The American College of Allergy, Asthma, and Immunology reports that allergies are the sixth-leading cause of chronic illness in America. These allergies can make you extremely miserable during spring, forcing you to cope with a runny nose, sore throat, congestion, sneezing, and other irritating symptoms. However, the good news is that you can take so many measures to reduce seasonal allergies’ impact on you. Below are some of the best ways to manage your seasonal allergies.
1) Keep your indoor air clean
Indoor allergens in your home can worsen your plight during allergy season, so it is prudent to ensure that your home’s air is clean. For starters, you can keep all your doors and windows shut during allergy season to prevent dust and pollen from sneaking in. Instead, use an air conditioner to keep your home’s temperature regulated. In addition, invest in a great dehumidifier to keep indoor air dry, reducing the efficacy of common allergens like mold, mildew, and dust mites. Finally, use an air purifier with a HEPA filter to clean your air. The Environmental Protection Agency (EPA) says HEPA filters can eliminate up to 99.97% of pollen, dust, and other airborne particles, so you can rely on them to keep your home allergen-free.
2) Try approved medications
Many drugs can also help you cope with allergy symptoms when they arise, so it is best to purchase them when needed. For example, oral antihistamines are best if you experience mild seasonal allergy symptoms while outside but feel better when inside. These drugs work by blocking or reducing histamine release, relieving your symptoms. You can buy this drug in chewable, tablet, or liquid form and take it till the end of allergy season. Nasal sprays, decongestants, and eye drops can also help with allergy symptoms. You can visit a reliable urgent care center to receive prescriptions for an excellent allergy drug if these over-the-counter remedies aren’t effective.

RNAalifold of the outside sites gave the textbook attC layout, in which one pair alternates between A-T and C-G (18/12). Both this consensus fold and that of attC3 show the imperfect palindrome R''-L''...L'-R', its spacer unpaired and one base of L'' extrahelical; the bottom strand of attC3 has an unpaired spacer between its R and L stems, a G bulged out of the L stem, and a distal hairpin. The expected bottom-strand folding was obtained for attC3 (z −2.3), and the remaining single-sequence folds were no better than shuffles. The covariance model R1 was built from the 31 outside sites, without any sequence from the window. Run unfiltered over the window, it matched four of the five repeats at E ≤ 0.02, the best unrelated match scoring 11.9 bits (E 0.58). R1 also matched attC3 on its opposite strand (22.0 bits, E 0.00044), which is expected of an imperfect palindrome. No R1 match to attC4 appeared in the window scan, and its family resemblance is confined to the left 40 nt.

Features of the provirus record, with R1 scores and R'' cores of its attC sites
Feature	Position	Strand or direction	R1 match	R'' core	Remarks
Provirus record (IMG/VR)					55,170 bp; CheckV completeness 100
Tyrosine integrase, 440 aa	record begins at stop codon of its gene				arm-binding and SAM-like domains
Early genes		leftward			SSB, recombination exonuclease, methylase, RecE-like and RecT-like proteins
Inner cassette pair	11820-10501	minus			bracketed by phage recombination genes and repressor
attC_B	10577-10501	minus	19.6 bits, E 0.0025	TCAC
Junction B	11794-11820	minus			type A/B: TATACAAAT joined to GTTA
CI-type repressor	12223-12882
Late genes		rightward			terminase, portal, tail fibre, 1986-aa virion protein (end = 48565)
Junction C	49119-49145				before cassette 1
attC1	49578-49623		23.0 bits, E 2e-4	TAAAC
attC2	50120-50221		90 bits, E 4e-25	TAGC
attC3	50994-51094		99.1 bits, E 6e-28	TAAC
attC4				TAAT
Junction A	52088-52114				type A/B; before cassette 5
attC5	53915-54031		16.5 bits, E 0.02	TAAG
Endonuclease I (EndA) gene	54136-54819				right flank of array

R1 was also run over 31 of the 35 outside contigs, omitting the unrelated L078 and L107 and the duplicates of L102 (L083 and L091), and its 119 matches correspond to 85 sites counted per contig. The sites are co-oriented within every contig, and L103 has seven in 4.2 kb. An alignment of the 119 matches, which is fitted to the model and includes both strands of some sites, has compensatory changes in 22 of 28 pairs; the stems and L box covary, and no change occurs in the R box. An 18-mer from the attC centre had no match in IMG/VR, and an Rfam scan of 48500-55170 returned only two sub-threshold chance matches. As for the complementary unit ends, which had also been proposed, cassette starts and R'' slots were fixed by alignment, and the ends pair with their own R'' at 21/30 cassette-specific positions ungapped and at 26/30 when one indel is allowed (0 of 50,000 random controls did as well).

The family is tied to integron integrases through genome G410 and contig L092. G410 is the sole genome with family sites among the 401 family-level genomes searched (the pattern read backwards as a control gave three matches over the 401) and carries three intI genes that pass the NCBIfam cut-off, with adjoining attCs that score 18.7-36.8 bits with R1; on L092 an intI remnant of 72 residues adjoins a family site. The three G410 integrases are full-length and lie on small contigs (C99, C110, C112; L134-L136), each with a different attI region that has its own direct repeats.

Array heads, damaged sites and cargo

3) Make sure it is really allergies
The abrupt switch from cold to warm weather can make it challenging to differentiate between an allergic reaction and a cold or virus, especially if you don’t often get seasonal allergies. Therefore, it is best to determine whether your symptoms are a reaction to allergens to know how best to treat them. Generally, if you have thin and clear mucus and itching in the eyes, nose, and roof of your mouth, you can suspect allergies. The duration of your symptoms can also signify what you have. Allergy symptoms can last from a few days to months, depending on your length of exposure to allergens. On the other hand, cold and sinus infections typically don’t last beyond two weeks. However, getting tested is the best way to determine if your symptoms are due to allergies, so keep this in mind.
4) Limit your exposure to triggers
Limiting your exposure to allergy triggers makes sense to avoid undesirable symptoms. Therefore, know your pollen counts by checking the National Allergy Bureau website or glancing through your local weather forecast. Then, consider staying indoors on days when pollen counts are high. Additionally, wear a mask for outdoor chores like lawn mowing to lower your exposure to pollen grains.